This day in history – August 2, 2022


Jamaican Elaine Thompson-Herah, who has won the 100m and 200m sprint doubles at back-to-back Olympics, is the first woman to accomplish the feat on this day in 2021 history.

Today is the 215th day of the year 2022. There are 150 days left in the year.


2005: French authorities find 351 fetuses and stillborn babies being kept in bags and jars at a Paris hospital.


1460: King James II of Scotland is killed by a cannon explosion welcoming the arrival of his wife, Queen Mary, at Roxburgh Castle, England.

1492: Christopher Columbus sets sail with three ships, Santa María, Pinta, on his first voyage and Niña from Palos de la Frontera, Spain looking for a route to India across the Atlantic. Instead, he encounters the New World.

1589: Henry of Navarre, first of the Bourbons, succeeds the assassinated Henry III. as king of France.

1807: Former Vice President of the United States Aaron Burr is tried in federal court in Richmond, Virginia for treason. (He is acquitted less than a month later.)

1914: Germany invades Belgium and declares war on France, beginning World War I.

1916: Irish-born British diplomat Roger Casement, a strong supporter of Irish independence, was hanged for treason.

1921: Baseball Commissioner Kenesaw Mountain Landis refuses to reinstate former Chicago White Sox players involved in the “Black Sox” scandal, despite their acquittals by jury.

1934: Adolf Hitler merges the offices of German Chancellor and President and declares himself the “Führer”.

1936: Jesse Owens of the United States wins the first of his four gold medals at the Berlin Olympics in the 100-meter sprint.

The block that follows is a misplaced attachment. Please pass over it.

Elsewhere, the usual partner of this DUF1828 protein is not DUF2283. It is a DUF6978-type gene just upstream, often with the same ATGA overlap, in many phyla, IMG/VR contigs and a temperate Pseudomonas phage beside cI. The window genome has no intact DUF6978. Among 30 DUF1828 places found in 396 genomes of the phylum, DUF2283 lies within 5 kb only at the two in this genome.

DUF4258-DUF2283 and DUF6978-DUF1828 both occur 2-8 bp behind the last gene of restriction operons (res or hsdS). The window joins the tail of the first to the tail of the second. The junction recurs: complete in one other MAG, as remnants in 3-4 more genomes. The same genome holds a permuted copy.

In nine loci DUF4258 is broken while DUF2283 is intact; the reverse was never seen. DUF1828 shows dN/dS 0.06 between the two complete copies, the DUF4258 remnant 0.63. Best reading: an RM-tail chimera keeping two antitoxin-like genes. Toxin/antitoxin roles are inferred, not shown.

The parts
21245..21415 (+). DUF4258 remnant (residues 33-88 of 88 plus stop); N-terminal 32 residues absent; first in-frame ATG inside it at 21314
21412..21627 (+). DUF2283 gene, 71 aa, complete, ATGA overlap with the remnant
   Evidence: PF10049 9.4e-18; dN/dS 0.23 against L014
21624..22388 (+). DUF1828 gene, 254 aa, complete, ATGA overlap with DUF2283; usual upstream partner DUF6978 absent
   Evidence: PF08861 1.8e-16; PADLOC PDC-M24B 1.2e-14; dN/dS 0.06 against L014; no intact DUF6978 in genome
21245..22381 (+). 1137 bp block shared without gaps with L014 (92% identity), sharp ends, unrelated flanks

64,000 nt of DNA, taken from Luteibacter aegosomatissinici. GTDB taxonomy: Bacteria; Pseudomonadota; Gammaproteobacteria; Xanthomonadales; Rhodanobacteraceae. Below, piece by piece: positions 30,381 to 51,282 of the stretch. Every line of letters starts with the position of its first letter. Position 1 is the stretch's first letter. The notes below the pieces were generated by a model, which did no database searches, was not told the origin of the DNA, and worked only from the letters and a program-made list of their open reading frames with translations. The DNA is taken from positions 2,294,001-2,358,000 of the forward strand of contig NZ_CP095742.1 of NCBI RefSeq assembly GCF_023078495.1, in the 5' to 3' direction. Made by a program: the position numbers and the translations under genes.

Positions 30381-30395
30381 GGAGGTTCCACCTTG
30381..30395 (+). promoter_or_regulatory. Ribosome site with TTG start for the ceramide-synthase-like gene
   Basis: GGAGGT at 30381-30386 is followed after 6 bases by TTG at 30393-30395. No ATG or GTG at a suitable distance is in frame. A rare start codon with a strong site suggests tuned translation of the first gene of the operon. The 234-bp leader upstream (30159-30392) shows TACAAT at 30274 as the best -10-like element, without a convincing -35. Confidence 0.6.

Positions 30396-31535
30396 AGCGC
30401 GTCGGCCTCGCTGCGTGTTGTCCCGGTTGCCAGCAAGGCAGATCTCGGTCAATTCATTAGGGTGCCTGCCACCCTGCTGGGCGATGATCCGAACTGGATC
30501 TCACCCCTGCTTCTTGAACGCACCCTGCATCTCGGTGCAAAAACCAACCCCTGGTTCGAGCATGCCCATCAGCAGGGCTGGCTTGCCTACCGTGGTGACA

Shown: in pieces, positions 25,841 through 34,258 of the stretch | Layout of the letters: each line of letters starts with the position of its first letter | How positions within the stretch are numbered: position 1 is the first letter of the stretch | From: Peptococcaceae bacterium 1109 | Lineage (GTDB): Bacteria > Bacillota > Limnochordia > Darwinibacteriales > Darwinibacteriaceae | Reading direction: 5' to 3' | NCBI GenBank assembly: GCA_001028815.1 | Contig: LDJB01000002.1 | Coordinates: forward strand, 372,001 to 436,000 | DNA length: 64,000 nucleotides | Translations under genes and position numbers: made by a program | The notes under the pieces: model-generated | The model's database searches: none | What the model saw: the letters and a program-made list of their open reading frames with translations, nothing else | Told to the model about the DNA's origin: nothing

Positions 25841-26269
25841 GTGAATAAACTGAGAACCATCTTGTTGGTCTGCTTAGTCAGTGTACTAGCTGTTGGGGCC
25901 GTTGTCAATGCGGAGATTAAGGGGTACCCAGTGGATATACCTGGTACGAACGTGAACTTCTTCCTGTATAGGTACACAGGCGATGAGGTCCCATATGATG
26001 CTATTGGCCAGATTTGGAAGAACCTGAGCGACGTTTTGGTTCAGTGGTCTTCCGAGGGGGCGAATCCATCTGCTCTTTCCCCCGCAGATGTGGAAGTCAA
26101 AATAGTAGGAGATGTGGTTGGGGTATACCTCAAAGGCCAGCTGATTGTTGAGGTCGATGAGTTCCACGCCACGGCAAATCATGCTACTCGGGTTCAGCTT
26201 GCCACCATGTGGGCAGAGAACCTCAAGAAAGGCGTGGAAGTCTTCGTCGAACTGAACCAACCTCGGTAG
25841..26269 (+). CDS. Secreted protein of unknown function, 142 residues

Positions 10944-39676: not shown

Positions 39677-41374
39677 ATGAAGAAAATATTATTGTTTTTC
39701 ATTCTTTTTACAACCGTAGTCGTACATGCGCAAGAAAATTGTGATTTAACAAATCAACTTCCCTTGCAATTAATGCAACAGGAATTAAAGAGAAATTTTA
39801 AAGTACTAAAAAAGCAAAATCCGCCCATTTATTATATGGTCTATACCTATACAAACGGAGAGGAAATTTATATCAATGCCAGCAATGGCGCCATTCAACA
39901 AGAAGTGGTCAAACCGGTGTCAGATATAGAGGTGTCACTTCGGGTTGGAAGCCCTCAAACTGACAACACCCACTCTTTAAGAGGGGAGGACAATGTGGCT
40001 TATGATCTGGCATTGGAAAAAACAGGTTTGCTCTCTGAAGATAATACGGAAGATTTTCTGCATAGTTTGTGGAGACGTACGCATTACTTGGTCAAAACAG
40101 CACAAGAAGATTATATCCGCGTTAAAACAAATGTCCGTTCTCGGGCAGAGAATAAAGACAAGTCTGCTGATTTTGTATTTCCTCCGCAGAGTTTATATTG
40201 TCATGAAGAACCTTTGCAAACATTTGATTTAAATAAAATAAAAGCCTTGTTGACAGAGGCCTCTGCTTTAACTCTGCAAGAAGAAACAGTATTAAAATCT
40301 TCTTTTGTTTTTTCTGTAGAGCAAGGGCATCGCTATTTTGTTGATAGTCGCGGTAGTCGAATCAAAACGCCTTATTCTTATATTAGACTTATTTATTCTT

1943: US Army Lt. Gen. George S. Patton beats a private in an army hospital in Sicily and accuses him of cowardice. (Patton was later ordered by General Dwight D. Eisenhower to apologize for this and a second similar episode.) Anti-Nazi demonstrations take place in Milan, Genoa, and other northern Italian cities during World War II.

1949: The National Basketball Association is formed as a merger of the Basketball Association of America and the National Basketball League.

1956: The Gold Coast League Assembly passes Kwame Nkrumah’s resolution calling for independence from Britain.

1958: The nuclear submarine USS Nautilus becomes the first ship to cross the North Pole under water.

1966: Comedian Lenny Bruce, whose salacious brand of satire and black humor got him in trouble with the law, is found dead at his Los Angeles home; he was 40.

1969: Israeli government leaders announce that they will retain the Golan Heights, the Gaza Strip and much of the eastern and southern Sinai Peninsula – lands taken from the Arabs in the June 1967 war.

1972: The US Senate ratifies the Anti-Ballistic Missile Treaty with the Soviet Union to restrict the use of missile systems capable of defending themselves against missile-launched nuclear weapons. (The US unilaterally withdrew from the treaty in 2002.)

1974: The Front for the Liberation of Mozambique (FRELIMO) declares a de facto ceasefire between rebels and Portuguese troops.

1981: US air traffic controllers went on strike saying they would be fired, which they were, despite a warning from President Ronald Reagan.

1987: The Iran-Contra congressional hearings end with none of the 29 witnesses directly linking President Ronald Reagan to diverting arms sales profits to Nicaraguan rebels.

1988: Hard-line leader Sein Lwin imposes indefinite martial law on the Myanmar capital.

1990: The United States and Soviet Union jointly condemn the Iraqi invasion of Kuwait, while Iraqi troops begin to mass along Kuwait’s border with Saudi Arabia.

1991: The Russian branch formally breaks away from the Communist Party of the Soviet Union to form a new party led by reform-minded communists.